American Library Association • October 13, 2015
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An interview with David Mao

David Mao, Acting Librarian of Congress. Photo by Abby Brack Lewis

David Mao began serving as Acting Librarian of Congress on October 1, upon the retirement of Librarian of Congress James H. Billington after 28 years. Mao has been with the Library of Congress since 2005 when he served as head of the American Law Consulting Section of the Congressional Research Service, and he has been Deputy Librarian of Congress since January. American Libraries spoke with Mao about his vision for LC about one week into his new job....

American Libraries feature, Oct. 13

Collaboration at your state library conference

NELA/NHLA conference 2015Ashley Cooksey writes: “Attending conferences is like going to the spa for me. I walk away feeling renewed, refreshed, and energized. I feel ready to conquer the world, or at least my school library. One of the many reasons I love attending my state conference is for the collaboration. At a state conference, you can collaborate with so many different types of librarians, not just school librarians; and you are able to share your ideas with all of them.”...

Knowledge Quest blog, Oct. 13
2016 ALA Midwinter Meeting

Library 2.015 conference on October 20

Library 2.015 banner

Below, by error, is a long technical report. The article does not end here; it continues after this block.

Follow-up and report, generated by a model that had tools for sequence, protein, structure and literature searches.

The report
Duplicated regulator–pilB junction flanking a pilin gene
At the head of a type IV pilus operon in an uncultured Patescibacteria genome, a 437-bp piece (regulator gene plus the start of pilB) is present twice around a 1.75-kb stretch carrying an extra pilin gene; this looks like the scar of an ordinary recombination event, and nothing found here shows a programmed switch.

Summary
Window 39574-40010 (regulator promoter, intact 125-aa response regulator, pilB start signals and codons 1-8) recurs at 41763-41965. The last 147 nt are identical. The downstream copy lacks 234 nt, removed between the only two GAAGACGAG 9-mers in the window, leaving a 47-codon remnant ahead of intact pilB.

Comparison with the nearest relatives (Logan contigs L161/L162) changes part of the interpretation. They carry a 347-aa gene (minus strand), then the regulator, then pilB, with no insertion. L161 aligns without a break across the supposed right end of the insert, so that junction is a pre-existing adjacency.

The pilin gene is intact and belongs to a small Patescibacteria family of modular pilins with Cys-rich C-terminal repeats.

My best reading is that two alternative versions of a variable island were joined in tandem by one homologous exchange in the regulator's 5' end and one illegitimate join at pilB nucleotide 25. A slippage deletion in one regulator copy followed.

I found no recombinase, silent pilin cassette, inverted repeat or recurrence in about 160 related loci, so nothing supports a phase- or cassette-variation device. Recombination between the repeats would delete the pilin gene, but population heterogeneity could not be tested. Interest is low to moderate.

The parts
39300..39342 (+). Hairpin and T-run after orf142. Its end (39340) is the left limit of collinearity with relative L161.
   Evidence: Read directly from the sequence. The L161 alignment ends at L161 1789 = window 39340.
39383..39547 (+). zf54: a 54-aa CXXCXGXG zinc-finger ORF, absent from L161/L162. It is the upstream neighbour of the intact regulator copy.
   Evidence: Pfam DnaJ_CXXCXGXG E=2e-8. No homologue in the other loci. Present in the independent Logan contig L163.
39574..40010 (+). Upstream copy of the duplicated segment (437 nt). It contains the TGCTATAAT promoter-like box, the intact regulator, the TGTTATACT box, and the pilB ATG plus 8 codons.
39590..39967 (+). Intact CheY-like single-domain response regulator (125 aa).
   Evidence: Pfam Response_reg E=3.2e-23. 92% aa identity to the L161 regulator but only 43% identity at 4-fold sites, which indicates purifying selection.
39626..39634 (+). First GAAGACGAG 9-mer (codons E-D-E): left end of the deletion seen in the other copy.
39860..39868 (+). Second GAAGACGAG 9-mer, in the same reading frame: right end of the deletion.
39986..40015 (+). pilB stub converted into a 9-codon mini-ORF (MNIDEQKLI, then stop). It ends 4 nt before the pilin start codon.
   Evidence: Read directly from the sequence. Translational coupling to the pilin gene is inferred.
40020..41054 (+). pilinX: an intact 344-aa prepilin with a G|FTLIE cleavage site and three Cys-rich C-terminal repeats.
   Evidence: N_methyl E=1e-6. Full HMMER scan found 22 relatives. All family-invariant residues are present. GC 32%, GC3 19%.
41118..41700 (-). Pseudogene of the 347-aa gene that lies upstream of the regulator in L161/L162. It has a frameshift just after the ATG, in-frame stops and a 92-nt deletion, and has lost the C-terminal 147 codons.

The date is set, proposals are accepted, and presentations are being prepared for the fifth annual Library 2.015 Worldwide Virtual Conference. On October 20, from 7 a.m. to 8 p.m. Pacific time, the free international conference will be held online via Blackboard Collaborate web conferencing and is accessible from any personal computer and most mobile devices. Scholars, researchers, information professionals, and students are encouraged to attend. American Libraries Associate Editor Phil Morehart will be presenting on new library designs....

Library 2.0, Oct. 13

National Friends of Libraries Week

National Friends of Libraries Week bookmark

Friends groups and libraries across the country will be celebrating the 10th annual National Friends of Libraries Week on October 18–24. Friends groups, trustees, and library staff can find Friends of Libraries Week materials—including promotional ideas, editable publicity materials, camera-ready bookmarks, and ideas from past celebrations—online....

United for Libraries, Oct. 5

Four Brooklyn branches to open on Sundays

Midwood branch, Brooklyn Public Library